News / Miscellaneous


The mechanics of beauty before design


In this age of high consumer capitalism, form and function have mated to make “design” an integral part of how machines “work.” In days of old – when manufacture was more likely to be heavy, and local – machine design was more utilitarian, industry uglier. Or was it?

That’s one question that you may take away from “Toxicity,” an exhibition of work by Lebanese artist Nancy Debs Hadad. The show features 17 photographs and eight mixed-media sculptures, which have an air of industrial obsolescence about them.
This article was originally published on the Daily Star News website ( on September 15, 2011, written by Chirine Lahoud.
The message the artist wants to deliver is that the things that at first blush appear harmful and toxic are not, at least not in all situations. Her exhibition is centered on antique machine pieces, which she treats like human subjects, from which she invites her viewers to draw stories.
The photograph entitled “T 13” (73x110 cm) draws the onlooker close to world that, in a different context, would be merely mundane but is, in today’s post-industrial world, esoteric, even exotic.
Although it’s just a piece of old industrial machinery, the photographed item seems to speak to the spectator. As you are habituated to portrait photography, it isn’t hard to see this oval-shaped tool with its crescent-shaped aperture as a smiling human portrait, albeit mechanized.
For those with some exposure to folk art, this piece of machine portraiture might evoke anthropological photos of traditional masks in which the object is imbued with cultural significance.
In some traditional African cultural practices, for instance, crafted items like masks have been used during rituals to represent lost loved ones, deities and other mystic entities. Within the imaginary of such ritual practices, items like masks can be imbued with totemic supernatural powers.
There is a pleasant postmodern irony in projecting this sort of totemic reading, which suggests of an anthropological way so thinking to the detritus of 20th-century industrialism.
“I tried to give life to these machines,” Hadad told The Daily Star, “to bring out the person that was hidden in them.”

Hadad’s approach to obsolescent machinery and what it represents is more complex than simply using the pieces as models in her art.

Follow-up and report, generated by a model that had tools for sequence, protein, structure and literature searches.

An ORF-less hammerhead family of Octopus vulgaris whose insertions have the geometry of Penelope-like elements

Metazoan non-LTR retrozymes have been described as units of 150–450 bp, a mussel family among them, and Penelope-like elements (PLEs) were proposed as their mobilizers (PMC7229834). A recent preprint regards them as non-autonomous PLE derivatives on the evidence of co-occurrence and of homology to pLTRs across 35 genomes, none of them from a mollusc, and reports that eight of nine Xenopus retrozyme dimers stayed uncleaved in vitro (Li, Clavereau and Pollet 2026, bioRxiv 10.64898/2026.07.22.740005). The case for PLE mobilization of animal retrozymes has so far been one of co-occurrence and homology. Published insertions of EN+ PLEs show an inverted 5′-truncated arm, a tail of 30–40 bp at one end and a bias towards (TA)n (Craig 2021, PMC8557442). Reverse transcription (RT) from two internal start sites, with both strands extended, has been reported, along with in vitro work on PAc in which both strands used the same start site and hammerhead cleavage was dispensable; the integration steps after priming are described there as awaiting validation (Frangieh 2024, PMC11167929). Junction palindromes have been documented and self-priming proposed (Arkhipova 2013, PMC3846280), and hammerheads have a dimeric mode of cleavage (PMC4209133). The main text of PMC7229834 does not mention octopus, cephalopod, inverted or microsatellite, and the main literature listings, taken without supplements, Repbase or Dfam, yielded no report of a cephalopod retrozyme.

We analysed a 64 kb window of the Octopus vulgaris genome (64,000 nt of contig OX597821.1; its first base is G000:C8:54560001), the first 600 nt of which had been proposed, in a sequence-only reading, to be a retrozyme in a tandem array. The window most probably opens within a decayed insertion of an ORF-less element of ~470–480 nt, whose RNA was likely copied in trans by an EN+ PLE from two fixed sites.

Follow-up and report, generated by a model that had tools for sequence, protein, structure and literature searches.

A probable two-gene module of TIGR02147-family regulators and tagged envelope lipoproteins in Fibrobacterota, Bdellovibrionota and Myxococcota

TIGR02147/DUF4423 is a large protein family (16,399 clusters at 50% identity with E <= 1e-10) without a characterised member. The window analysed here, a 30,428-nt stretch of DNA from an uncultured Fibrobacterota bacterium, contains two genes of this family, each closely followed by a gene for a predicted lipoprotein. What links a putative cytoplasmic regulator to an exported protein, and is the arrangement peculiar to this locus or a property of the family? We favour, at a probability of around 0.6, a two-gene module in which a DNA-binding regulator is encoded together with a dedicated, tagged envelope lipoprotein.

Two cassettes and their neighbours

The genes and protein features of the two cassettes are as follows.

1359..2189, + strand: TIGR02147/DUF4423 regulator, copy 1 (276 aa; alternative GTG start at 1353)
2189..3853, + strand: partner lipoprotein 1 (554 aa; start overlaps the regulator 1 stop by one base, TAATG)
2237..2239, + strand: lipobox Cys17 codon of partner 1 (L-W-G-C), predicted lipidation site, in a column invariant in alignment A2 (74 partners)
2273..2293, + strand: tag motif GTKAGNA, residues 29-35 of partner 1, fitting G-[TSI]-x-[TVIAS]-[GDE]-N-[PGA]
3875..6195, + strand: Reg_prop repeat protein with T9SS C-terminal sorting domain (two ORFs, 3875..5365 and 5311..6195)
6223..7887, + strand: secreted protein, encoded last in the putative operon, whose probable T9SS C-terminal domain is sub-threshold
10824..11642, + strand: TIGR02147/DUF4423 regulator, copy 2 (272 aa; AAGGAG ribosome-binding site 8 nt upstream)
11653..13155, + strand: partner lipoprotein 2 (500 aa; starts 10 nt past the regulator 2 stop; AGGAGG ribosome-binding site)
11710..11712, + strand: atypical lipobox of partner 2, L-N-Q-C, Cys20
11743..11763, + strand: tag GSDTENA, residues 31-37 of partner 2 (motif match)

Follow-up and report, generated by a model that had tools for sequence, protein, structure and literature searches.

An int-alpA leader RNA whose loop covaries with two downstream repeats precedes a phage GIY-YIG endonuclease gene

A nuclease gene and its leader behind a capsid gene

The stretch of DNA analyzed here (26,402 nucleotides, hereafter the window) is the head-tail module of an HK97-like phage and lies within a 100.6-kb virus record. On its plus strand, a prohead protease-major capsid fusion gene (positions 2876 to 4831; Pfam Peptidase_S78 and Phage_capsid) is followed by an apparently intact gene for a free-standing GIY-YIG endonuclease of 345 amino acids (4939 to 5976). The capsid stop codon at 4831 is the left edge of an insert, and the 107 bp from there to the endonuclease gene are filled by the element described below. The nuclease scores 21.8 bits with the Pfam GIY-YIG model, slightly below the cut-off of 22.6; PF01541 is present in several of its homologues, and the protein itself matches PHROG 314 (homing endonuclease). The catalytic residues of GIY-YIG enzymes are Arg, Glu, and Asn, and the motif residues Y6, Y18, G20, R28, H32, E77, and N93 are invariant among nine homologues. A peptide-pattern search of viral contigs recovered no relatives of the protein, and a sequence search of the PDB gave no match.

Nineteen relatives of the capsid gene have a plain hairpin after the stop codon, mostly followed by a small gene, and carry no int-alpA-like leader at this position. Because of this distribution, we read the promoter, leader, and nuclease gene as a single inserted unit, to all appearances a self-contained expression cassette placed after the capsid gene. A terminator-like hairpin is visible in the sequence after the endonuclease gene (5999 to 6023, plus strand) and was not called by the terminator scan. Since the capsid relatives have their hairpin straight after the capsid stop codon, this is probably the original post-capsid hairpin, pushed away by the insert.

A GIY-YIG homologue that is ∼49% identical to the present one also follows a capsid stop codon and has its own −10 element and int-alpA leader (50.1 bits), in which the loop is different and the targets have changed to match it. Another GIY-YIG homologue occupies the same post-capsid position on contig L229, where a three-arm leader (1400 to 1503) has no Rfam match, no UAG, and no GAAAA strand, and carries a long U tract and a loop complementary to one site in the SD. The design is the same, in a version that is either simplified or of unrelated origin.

“There are always emotions in what I do,” Hadad continued.
In Hadad’s black-and-white photograph “T 3” (60x90 cm), the camera’s perspective is at first confusing. The viewer doesn’t really know what she is looking at.
Are these items frames or painted pieces of wood? You don’t exactly know until the eye focuses on the shape of the items and the painted black flowers. The viewer is actually looking at a photograph from an old stocking factory, with the factory-tooled goods frozen in time, as if to suggest that the work was abandoned in the middle of a shift.
If we go further than just looking at the pieces of machinery, and the works they produced, the spectator is free to invent the back stories of this exhibition.
In “T 4” (60x90 cm), the spectator finds a representation of a machine piece shot in such extreme close-up that its function (indeed what type of industrial objects the tool produces) is quite impossible to discern.
What the viewer is left to fasten her gaze upon is the color contrast between the monochrome black of most of the machine – as if it had acquired the hue of the layers of dirt and oil it has accumulated over the years – and the bits projecting, ear-like, from the top of the machine – where the black appears to have been worn off by friction.
The mind can meander over the meaning that may be projected upon this contrast, making up stories to explain such a photo.
“There is always a human approach to what I do,” said Hadad.
Are these three not-blackened bits actually persons who have been trapped and are unable to free themselves. Is the viewer meant to feel sorry for them?
One of Hadad’s display sculptures is directly inspired by one of her photographs. In the latter, the machine (which appears to be a door hinge) is photographed to look like an extraterrestrial creature. The bronze sculpture that derives from that photograph is two-sided. Hadad explained her intention was to represent male and female parts.
Hadad’s works denote a world in which what seems obsolescent can still be of some aesthetic use, if you look at it from the right angle.
A version of this article appeared in the print edition of The Daily Star on September 15, 2011, on page 16.

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